As technology gets smaller and cheaper, making films is getting easier and easier. But in a market lousy with low-budget indies, it’s not always easy to score well known actors. This wasn’t a problem for Mark Vadik.
The writer/director of Cyrus: Mind of a Serial Killer somehow managed to wrangle several seasoned actors for parts of various size, including Brian Krause (Charmed), Danielle Harris (multiple Halloween films), Doug Jones (Hellboy), and the irreplaceable Lance Henriksen. As you watch the film, the obvious question that comes to mind is, How?
Cyrus is a frame story in which TV journalist Maria Sanchez, looking for fodder for her tabloid news show, interviews a man who claims to know the identity of a local serial killer. He tells her and her cameraman the sad tale of Cyrus, a former soldier who, when his marriage and business fell apart, turned to murder and cannibalism.
Gore effects certainly aren’t the most important aspect of a film, even in the slasher genre, but their verisimilitude must be kept at a certain standard just to keep the suspension of disbelief. The bargain basement effects in Cyrus aren’t egregious, but they do seem several years out of date. The cinematography is actually a bit varied, alternating between poor and very poor, mostly during flashbacks.
Of course, you can’t always tell during production how the finished product will look. Actors often have to judge a project by the script alone. This script is the worst of both worlds: pretentious but utterly meaningless. Cyrus takes itself very seriously, purporting to be an exploration into the innermost workings of a madman ala Henry: Portrait of a Serial Killer (after which they clearly modelled their title).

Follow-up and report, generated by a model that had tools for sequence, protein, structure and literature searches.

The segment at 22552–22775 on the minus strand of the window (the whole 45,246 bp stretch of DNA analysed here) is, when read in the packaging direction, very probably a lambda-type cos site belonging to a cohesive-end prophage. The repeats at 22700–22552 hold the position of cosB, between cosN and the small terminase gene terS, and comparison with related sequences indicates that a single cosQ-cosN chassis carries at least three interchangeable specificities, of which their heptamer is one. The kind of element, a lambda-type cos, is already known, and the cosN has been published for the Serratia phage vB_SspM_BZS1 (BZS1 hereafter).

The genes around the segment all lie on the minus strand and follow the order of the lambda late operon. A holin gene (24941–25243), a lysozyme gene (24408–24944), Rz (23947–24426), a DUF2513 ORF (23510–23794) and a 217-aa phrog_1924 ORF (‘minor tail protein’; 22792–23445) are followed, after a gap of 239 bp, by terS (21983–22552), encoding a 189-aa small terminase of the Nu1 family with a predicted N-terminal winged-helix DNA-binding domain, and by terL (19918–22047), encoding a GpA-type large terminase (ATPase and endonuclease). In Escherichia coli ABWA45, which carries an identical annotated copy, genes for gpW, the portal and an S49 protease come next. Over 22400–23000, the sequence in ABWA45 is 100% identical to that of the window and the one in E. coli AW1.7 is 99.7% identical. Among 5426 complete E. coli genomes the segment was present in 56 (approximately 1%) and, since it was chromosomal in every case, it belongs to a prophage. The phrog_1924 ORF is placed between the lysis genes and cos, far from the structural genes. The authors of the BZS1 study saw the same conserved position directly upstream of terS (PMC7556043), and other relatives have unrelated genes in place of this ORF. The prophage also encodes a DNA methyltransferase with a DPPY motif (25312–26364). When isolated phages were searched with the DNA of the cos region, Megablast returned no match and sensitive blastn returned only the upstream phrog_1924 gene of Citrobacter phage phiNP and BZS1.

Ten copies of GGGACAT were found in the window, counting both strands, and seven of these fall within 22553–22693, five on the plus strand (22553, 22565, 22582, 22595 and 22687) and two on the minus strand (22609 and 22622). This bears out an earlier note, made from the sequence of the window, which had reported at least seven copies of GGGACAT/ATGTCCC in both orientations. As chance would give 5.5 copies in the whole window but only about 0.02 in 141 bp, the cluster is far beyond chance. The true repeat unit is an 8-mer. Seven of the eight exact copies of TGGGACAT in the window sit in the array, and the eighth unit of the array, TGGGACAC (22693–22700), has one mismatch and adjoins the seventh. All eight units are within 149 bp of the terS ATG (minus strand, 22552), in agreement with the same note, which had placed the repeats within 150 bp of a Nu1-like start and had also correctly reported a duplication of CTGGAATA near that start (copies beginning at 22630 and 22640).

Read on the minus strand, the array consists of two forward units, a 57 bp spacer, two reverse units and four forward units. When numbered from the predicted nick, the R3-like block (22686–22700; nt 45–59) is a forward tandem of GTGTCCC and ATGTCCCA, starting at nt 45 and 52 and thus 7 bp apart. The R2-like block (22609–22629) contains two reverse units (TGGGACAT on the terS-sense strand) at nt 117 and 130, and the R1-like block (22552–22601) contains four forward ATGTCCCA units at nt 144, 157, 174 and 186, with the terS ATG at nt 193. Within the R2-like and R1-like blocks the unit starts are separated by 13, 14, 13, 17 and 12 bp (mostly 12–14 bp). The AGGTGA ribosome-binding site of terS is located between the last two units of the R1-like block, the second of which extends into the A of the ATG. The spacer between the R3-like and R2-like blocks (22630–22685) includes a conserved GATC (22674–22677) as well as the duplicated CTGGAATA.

But apart from a few heavy-handed flashbacks and unconnected outbursts, Cyrus’s motivations are hardly brought up and never actually examined. Cyrus seems to kill for many unrelated reasons. His wife cheats, his mother was immodest and cartoonishly cruel, he likes to cook and eat people. It’s almost as if Vadik just throws every motivation he can think of against the wall, sees what sticks, and then picks up the remnants from the floor and uses those as well.
The film also cuts frequently to doc-style talking heads in which faux experts spout shallow facts and opinions about serial killers in general. These cutaways are out of place and their purpose is unclear; perhaps they were intended to give the film pseudo-psychological weight. The DVD’s sole special feature, a making-of featurette, reinforces this theory as Vadik waxes intellectual about what is essentially a Troma picture without the campy charm.